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Residential segregation and local labor markets within the Bordeaux metropolitan area : which range for the spatial mismatch hypothesis? (In French)

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Listed:
  • Frédéric GASCHET (GRES- IFReDE-IERSO)
  • Nathalie GAUSSIER (GRES-IFReDE-IERSO)

Abstract

This article aims at providing a test of the spatial mismatch hypothesis on the Bordeaux metropolitan area. Starting with a theoretical survey of the complex links between residential segregation and local labor markets, we then propose a framework allowing for a better understanding of the impact of physical distance on spatial mismatch. The results confirm the existence of somewhat different effects of spatial friction depending on the distance, but also underline the limited effect of spatial mismatch on local unemployment rates. Factors such as the socio-economic composition of population and mobility access have a more important explanatory power.

Suggested Citation

  • Frédéric GASCHET (GRES- IFReDE-IERSO) & Nathalie GAUSSIER (GRES-IFReDE-IERSO), 2003. "Residential segregation and local labor markets within the Bordeaux metropolitan area : which range for the spatial mismatch hypothesis? (In French)," Cahiers du GRES (2002-2009) 2003-14, Groupement de Recherches Economiques et Sociales.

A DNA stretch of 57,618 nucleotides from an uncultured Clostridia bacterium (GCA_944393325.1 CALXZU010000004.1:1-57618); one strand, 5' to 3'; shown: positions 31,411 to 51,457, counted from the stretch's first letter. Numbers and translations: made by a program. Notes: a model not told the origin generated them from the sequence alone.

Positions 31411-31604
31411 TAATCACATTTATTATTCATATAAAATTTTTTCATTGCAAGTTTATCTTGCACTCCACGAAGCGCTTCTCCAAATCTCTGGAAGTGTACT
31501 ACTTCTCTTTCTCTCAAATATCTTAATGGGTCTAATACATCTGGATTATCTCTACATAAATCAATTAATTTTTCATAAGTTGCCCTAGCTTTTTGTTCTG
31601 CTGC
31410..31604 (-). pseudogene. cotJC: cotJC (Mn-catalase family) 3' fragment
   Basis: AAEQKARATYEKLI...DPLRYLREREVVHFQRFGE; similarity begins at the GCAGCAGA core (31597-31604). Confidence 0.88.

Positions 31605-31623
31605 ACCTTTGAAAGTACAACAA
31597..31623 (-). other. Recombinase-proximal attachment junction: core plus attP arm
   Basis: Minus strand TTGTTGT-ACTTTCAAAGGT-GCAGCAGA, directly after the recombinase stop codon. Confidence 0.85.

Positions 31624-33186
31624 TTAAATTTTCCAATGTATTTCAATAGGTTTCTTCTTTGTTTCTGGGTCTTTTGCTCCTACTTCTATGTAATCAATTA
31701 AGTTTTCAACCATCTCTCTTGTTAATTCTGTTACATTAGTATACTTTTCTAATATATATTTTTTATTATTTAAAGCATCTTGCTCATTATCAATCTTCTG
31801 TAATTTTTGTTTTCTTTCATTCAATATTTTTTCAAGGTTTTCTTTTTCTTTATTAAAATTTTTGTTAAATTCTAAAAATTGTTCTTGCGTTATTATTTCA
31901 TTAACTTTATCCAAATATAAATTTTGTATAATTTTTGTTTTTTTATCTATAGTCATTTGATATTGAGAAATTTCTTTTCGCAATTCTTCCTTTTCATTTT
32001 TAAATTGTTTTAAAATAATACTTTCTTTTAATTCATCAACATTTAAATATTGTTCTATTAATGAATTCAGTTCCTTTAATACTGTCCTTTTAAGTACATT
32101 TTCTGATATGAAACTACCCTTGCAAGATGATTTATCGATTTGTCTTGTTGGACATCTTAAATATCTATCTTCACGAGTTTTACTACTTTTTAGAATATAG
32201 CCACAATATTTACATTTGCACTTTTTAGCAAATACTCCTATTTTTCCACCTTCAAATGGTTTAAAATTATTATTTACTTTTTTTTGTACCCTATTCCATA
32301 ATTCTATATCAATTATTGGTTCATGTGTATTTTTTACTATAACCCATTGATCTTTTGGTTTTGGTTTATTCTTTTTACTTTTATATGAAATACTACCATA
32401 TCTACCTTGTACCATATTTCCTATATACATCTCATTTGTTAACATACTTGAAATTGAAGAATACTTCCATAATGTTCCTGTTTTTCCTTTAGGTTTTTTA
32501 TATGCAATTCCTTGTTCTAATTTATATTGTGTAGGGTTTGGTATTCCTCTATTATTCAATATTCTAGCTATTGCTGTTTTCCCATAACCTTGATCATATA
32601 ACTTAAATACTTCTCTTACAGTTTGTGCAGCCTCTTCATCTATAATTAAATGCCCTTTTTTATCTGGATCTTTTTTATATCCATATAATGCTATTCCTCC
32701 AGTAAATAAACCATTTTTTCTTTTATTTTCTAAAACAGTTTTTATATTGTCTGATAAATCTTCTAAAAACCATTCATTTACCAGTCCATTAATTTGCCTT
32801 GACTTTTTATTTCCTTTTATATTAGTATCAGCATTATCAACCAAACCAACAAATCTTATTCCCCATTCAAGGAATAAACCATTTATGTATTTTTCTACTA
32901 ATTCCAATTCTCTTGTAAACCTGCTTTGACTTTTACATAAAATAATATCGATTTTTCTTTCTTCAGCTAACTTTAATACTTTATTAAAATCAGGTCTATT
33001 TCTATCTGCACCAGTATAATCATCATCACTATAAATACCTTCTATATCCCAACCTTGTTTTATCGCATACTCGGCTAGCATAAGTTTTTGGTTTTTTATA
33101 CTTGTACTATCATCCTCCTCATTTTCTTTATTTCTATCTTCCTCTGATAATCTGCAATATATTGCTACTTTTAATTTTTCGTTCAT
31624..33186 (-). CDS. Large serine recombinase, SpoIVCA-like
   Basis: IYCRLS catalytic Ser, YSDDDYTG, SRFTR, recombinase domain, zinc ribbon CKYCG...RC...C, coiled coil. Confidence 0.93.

• Handle: RePEc:grs:wpegrs:2003-14
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    File URL: http://cahiersdugres.u-bordeaux4.fr/2003/2003-14.pdf
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    More about this item

    Keywords

    residential segregation; spatial mismatch; mobility; unemployment;

    JEL classification:

    • J15 - Labor and Demographic Economics - - Demographic Economics - - - Economics of Minorities, Races, Indigenous Peoples, and Immigrants; Non-labor Discrimination
    • J41 - Labor and Demographic Economics - - Particular Labor Markets - - - Labor Contracts
    • R14 - Urban, Rural, Regional, Real Estate, and Transportation Economics - - General Regional Economics - - - Land Use Patterns

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